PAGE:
Suppose that Mrs. X, not an employee but walking toward lawful business with Ford, had been struck and injured as a result of this automotive collision and had sued Ford for negligence of both drivers. Assuming Mrs. X has made out a submissible case of negligence as charged, would not Ford be entitled at very least to a jury determination of its liability under Respondeat superior? Or would the trial judge be obliged upon request to instruct the jury that both Simerka and Pridemore at the time of collision were engaged in the course of their employment, that the collision was causally connected with that employment, and that Ford should be held responsible for their negligence as charged, should such negligence be found?

The trial court's decision here, if affirmed other than by equal division, will be pretty matter-of-law rough on the employers of those hundreds of employees who, at end of each shift, hurry if not race their cars in the employer's huge parking lot toward those jammed up exits. There indeed an employee's own risk of sustaining or causing injury 'out of automobile travel' has superseded, to some factually variable extent, the employer-assumed risks of his employment. As said by the writer in Howard v. City of Detroit, 377 Mich. 102, 113, 114, 139 N.W.2d 677, 682 (footnote):

'If it was right to say As a matter of law (Baas at 655, 124 N.W.2d at 753) that Mrs. Baas' 'accidental injury arose out of automobile travel, not out of the work she was required to do at home.', then the fact-finding appeal board was possessed of right to find that Mr. Howard's injury, arising as it did in the course of automobile travel, was causally disconnected with his employment.' 3

To prove the point of vicarious liability compare Gorman v. Jaffa, 248 Mich. 557, 227 N.W. 775. There the issue of the defendant employer's responsibility for the negligence of his employee in operating an automobile (belonging to a third person), occurring when as claimed by that defendant the employee 'was not acting within the scope of his employment,' was held properly submitted to the jury. The employee, a bookkeeper and clerk, was definitely 'on the premises' (the building where his work was regularly performed); not on a nearby 'open to the public' parking lot. He was starting to drive out of the building for lunch when his negligent act caused the plaintiff's injury. Nonetheless the question of causal 'course of employment,' and hence the employer's liability, was held to be a question of fact.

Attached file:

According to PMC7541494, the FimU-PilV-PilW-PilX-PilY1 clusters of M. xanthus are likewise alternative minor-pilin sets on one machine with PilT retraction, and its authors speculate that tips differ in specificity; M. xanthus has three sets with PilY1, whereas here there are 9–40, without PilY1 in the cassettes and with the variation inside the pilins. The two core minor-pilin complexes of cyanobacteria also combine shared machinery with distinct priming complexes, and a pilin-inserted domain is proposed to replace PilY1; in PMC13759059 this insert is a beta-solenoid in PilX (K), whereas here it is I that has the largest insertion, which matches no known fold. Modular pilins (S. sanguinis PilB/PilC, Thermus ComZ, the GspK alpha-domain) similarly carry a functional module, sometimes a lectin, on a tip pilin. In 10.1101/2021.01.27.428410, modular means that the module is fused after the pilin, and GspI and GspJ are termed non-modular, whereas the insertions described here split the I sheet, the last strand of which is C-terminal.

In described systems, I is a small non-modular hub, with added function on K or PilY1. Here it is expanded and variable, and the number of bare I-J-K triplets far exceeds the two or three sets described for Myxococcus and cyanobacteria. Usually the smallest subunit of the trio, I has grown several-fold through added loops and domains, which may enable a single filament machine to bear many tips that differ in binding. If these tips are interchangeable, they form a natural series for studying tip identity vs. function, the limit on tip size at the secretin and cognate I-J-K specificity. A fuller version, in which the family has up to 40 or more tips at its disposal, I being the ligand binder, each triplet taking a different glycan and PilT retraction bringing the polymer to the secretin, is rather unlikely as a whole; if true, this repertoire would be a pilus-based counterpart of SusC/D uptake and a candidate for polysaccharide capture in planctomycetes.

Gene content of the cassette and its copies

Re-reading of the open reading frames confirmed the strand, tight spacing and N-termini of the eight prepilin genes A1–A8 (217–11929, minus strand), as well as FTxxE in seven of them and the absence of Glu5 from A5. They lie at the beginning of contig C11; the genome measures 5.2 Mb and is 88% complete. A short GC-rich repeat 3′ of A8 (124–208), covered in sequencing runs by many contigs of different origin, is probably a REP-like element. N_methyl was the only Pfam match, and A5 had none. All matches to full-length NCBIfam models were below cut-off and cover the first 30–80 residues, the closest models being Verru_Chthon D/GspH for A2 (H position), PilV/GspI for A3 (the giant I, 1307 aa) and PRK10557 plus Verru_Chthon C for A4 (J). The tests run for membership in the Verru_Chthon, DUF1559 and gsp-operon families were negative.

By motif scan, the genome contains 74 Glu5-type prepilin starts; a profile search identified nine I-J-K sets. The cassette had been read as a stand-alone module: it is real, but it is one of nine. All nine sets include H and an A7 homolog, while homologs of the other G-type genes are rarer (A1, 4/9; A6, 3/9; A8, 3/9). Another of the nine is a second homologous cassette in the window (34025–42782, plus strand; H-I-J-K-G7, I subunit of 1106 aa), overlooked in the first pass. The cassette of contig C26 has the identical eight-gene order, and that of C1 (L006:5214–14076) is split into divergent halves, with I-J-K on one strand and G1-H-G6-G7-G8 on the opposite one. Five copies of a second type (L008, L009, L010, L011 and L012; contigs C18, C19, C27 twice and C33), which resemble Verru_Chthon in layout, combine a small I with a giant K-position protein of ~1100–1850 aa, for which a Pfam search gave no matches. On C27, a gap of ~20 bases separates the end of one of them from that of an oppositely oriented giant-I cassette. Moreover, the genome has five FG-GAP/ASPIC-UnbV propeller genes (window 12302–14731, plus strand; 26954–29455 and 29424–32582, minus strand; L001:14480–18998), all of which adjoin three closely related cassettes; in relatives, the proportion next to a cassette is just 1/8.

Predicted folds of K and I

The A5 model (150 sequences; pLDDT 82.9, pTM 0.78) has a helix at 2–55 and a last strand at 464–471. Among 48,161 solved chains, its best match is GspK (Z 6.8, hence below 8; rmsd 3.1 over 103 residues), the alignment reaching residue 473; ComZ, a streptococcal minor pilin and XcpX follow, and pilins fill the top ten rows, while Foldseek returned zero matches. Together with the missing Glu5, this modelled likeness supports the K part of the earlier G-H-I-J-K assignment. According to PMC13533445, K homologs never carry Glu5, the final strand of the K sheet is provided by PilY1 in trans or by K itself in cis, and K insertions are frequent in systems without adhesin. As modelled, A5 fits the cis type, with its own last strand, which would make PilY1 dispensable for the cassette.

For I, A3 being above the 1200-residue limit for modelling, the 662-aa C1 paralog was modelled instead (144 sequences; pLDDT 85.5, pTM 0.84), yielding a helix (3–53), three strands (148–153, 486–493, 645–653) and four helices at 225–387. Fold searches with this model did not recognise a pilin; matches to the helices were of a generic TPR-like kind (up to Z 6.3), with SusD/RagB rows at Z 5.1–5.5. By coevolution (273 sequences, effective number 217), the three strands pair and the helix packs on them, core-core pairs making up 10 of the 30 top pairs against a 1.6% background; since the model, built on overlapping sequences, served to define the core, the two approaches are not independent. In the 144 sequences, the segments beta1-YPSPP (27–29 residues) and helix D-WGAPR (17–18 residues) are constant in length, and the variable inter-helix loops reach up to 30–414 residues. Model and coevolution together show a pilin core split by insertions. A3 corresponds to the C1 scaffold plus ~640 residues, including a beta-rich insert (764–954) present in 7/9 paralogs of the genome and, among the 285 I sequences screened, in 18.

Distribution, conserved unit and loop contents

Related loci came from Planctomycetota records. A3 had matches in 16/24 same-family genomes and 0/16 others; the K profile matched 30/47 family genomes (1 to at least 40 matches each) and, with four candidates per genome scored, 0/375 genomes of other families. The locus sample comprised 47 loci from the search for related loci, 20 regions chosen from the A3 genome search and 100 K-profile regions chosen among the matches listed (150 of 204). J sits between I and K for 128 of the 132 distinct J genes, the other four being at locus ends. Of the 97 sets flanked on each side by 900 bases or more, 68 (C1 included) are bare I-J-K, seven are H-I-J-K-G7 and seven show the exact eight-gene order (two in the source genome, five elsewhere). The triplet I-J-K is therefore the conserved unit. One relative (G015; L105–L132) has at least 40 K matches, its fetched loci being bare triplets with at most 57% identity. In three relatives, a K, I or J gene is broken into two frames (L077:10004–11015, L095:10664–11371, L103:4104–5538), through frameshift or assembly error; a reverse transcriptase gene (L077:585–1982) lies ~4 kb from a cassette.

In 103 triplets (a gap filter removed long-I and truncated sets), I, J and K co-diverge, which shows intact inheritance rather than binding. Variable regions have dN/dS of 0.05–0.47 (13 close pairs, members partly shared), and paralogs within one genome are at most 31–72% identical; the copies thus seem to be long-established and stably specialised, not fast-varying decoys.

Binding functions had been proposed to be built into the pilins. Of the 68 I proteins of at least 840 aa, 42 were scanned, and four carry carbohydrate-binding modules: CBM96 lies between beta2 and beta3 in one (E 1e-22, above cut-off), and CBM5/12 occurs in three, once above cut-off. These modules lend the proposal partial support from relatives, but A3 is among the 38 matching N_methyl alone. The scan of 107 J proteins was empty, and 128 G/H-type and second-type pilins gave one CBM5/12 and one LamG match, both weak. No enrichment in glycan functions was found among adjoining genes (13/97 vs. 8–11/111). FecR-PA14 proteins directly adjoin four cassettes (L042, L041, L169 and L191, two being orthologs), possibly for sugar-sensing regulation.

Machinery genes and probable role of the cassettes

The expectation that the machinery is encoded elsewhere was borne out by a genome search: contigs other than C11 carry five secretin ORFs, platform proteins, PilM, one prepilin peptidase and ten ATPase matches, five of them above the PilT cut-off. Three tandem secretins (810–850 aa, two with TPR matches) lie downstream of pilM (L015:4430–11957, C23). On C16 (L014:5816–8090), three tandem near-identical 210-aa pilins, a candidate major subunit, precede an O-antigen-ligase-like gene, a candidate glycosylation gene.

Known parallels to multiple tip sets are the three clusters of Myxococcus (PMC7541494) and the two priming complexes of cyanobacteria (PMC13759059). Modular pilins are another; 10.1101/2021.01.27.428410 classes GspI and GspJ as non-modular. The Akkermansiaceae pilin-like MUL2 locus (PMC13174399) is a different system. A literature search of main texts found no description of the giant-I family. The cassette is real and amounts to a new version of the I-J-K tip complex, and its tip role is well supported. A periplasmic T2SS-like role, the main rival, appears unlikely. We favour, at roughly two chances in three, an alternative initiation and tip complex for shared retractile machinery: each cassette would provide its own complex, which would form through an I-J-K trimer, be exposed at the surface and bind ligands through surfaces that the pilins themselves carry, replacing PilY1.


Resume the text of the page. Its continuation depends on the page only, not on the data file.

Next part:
Note that the unanimous Court (Jaffa at 563, 227 N.W. 775) proceeded to apply the rules of Brink v. J. W. Wells Lumber Co., 229 Mich. 35, 201 N.W. 222 to determine whether the defendant employer could by jury verdict be held under the doctrine of Respondeat superior to the plaintiff. Then compare Brink's rules with the amendment of 1954. The amendment added, as a paragraph to mature section 1 of part 2 of the workmen's compensation law (C.L.S.1961, § 412.1), 4 the following:

'Every employee going to or from his work while on the premises where his work is to be performed, and within a reasonable time before and after his working hours, shall be presumed to be in the course of his employment.'

The amendment of 1954 came first to judicial consideration when Dyer v. Sears, Roebuck & Co., 350 Mich. 92, 85 N.W.2d 152, and Freiborg v. Chrysler Corp., 350 Mich. 104, 85 N.W.2d 145, were submitted and simultaneously decided in 1957.

Dyer presented a clear 'on the premises' situation. The claimant employee started downstairs, in the employer's building where she did typing and filing work, to pay a bill (her mother's) in a nearby office building. The time was the noon hour and she was off duty. She fell on the stairway and sustained what the majority held was a compensable injury.

On the other hand Freiborg's situation was that of an employee on his way to work. He parked his car in the employer's parking lot 'about 200 yards from the entrance by which plaintiff gained admission to the plant.' and started to walk toward the place of his work. While walking in the lot he was struck by an automobile and held, by the appeal board, to have been compensably injured.

The factual distinction between the two cases did not affect the result of either, the Court having affirmed awards of compensation in favor of both claimants. The distinction did, nevertheless, give rise to two interpretative points made by the minority which the majority did not dispute.

One was that the amendment o...

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    • 20 d4 Março d4 1980 Dyer rested upon principles set forth in Haller was reiterated by Justice Black in his opinion issued in Simerka v. Pridemore, 380 Mich. 250, 266, 156 N.W.2d 509 (1968).Justice Dethmers, concurring with the majority in Dyer, considered that the injury suffered was compensable. However, J......